2014 – July / August

The corn is as high as an elephant´s eye ….. well not quite, but it is standing at about metre tall and the ears are forming really well. The great thing about growing corn is that the stalks will make superb animal feed for the pigs and goats and we get lots of fresh corn on the cob. I am an impatient gardener so the fact that corn also grows very quickly means that I can see a difference in it every day and that suits me down to the ground.

We also planted some Swiss Chard this year and this has been a great success. I have never tried this vegetable before and I must say it is delicious. The leaves are better when young and crisp and it is a cut and grow plant, meaning that even with regular harvesting it will keep producing for many weeks to come. We simply boiled it for a couple of minutes and it was ready to eat. If anyone knows of other cooking methods I would be really interested in hearing about them.

 

Feeling broody …

We had a small flock of 5 chickens and a cockerel and we decided to add to it by hatching their eggs.

We bought a second hand incubator, which holds around 18 eggs at a time and importantly, turns the eggs automatically. We already had a small manual incubator but to be honest we didn´t have very good results, mainly due to the fact, that  we kept forgetting to turn the eggs. The eggs have to be turned twice a day and while this doesn´t seem to be an onerous task it is surprising how difficult we found to keep to the routine. Often the eggs would be turned 4 times a day because one of us would turn them not realising that it had already been done. On other days they were not turned at all because everybody thought that some else had done it. Anyway it was a bit of a pain and so the automatic turner has been great.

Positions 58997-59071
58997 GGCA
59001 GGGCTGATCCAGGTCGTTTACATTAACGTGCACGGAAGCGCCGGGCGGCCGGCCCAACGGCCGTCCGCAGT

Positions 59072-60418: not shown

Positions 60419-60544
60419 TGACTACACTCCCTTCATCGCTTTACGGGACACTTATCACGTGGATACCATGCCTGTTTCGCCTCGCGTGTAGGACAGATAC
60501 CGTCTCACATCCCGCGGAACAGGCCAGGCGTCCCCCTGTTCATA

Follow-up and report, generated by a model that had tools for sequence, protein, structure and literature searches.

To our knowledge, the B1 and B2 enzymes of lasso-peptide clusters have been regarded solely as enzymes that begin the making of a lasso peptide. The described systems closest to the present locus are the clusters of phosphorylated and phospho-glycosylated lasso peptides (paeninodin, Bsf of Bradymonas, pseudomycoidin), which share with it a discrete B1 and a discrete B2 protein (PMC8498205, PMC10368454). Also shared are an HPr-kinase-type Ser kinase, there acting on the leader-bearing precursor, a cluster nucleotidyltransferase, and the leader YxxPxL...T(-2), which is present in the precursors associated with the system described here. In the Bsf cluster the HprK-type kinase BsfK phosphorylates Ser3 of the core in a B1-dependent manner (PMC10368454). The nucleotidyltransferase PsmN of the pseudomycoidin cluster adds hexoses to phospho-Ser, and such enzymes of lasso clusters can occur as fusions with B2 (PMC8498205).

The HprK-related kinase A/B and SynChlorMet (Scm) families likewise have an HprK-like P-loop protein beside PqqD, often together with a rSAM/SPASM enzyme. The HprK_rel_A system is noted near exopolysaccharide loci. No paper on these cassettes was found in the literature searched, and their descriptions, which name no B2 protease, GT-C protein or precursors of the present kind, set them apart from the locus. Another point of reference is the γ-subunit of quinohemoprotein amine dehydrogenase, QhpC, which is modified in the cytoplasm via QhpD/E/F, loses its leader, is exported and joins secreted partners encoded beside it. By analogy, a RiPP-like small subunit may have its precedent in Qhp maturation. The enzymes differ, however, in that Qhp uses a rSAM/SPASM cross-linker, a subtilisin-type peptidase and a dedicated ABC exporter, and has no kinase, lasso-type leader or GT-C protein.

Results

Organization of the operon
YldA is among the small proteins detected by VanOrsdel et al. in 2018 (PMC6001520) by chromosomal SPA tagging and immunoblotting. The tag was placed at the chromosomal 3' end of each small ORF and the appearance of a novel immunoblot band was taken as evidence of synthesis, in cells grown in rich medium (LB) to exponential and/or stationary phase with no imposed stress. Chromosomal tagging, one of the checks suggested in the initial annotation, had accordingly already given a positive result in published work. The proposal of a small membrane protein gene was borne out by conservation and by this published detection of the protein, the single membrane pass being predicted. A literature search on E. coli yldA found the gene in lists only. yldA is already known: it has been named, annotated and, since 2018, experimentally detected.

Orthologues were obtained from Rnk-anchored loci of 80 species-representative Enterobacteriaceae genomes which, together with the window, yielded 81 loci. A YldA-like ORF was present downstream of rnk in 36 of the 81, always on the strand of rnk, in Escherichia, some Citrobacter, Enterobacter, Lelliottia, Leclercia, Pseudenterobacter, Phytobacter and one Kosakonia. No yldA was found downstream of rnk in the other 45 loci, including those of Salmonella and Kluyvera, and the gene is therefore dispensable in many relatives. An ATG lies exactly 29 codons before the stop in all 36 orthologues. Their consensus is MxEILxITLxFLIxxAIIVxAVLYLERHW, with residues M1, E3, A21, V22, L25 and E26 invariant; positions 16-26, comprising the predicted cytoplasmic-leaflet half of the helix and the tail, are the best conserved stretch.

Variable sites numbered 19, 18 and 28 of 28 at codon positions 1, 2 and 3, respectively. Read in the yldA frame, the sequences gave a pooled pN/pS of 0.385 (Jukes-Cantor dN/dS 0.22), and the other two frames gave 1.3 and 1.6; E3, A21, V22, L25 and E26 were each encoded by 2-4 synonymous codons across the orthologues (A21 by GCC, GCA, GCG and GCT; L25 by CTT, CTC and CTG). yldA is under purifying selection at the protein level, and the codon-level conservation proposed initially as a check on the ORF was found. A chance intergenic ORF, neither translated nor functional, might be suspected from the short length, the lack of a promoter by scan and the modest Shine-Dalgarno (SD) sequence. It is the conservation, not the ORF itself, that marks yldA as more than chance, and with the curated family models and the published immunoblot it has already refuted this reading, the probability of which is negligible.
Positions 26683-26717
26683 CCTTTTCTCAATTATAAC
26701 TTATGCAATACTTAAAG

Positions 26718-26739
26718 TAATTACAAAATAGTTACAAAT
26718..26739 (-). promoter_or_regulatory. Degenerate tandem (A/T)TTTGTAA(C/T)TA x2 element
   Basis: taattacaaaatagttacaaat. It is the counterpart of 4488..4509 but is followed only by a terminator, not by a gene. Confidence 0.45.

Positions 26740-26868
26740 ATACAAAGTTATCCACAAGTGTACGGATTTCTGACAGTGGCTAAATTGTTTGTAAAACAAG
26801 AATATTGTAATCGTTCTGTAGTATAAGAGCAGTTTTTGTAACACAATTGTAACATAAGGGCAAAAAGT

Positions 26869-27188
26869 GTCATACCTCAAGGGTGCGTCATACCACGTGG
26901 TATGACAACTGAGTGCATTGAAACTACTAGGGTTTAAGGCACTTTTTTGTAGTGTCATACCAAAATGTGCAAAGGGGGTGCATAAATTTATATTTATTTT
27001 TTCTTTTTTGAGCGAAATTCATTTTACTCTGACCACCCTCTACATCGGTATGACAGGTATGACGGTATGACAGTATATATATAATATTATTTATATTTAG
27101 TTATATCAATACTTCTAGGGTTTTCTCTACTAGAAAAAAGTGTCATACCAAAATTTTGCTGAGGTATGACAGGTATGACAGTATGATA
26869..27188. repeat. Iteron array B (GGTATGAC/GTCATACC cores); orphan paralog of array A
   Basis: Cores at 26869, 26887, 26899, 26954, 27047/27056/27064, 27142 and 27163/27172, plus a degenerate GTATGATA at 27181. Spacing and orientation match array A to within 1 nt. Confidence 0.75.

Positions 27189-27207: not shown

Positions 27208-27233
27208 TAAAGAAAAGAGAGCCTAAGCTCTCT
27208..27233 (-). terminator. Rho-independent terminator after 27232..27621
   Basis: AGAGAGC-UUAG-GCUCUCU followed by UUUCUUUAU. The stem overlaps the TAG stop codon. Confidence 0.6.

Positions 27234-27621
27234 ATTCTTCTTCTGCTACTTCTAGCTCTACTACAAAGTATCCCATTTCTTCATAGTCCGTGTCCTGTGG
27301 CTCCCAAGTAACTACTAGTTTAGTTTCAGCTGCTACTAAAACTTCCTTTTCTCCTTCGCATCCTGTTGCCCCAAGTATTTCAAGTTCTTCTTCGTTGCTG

The eggs are stored in a cool place until we have enough to incubate. They are then put into the incubator at a steady temperature of 37.4 degrees for a period of 18 days. After 10 days we candle the eggs to check which are fertile. The fertile eggs have a dark mass inside the shell and sometimes veins can also be seen, when a torch is shined through them. If the egg is not fertile you can clearly see that they are empty. The non fertile eggs are removed from the incubator at this stage.

On day 18 the automatic turner is turned off and the eggs go into ´lockdown´. Two or three days later they start to hatch. It is a most wonderful thing to see a chick emerge from an egg and start to toddle around.

 

Once the chicks are hatched we put them into a ´brooder´. In our case this is a large plastic box which is heated by a suspended halogen bulb light at one end. This keeps the temperature at about the same as the incubator at the heated end and provides a cooler spot at the other.

The box is lined with either kitchen roll or newspaper to make sure that the chicks have a grippable surface to walk on. The chicks need fresh water and are fed with a very fine grain chick feed, supplemented by the odd slice of cucumber.

It is amazing how fast they grow. After a few weeks, depending on the weather we move them into the aviary before introducing them to flock when they are large enough.

It is always a bit traumatic introducing young hens into the established flock as the established hens sort out the ´pecking order´. This entails them giving the new arrivals a hard time for a couple of days after which everything settles down again.

You can follow our progress on facebook and we have just set up our own You Tube channel, which contains a number of videos of our animals and the work we have been doing, together with all 3 parts of the ‘No Going Back’ programme that documented our move to Spain 10 years ago.

Follow us on……

Face Book – https://www.facebook.com/pages/Olive-Tree-Farm/192628504275135

You Tube – https://www.youtube.com/channel/UCz8q1I9fruPaSvFTFwBpfVQ

Email: olivetreefarmalmeria@outlook.com

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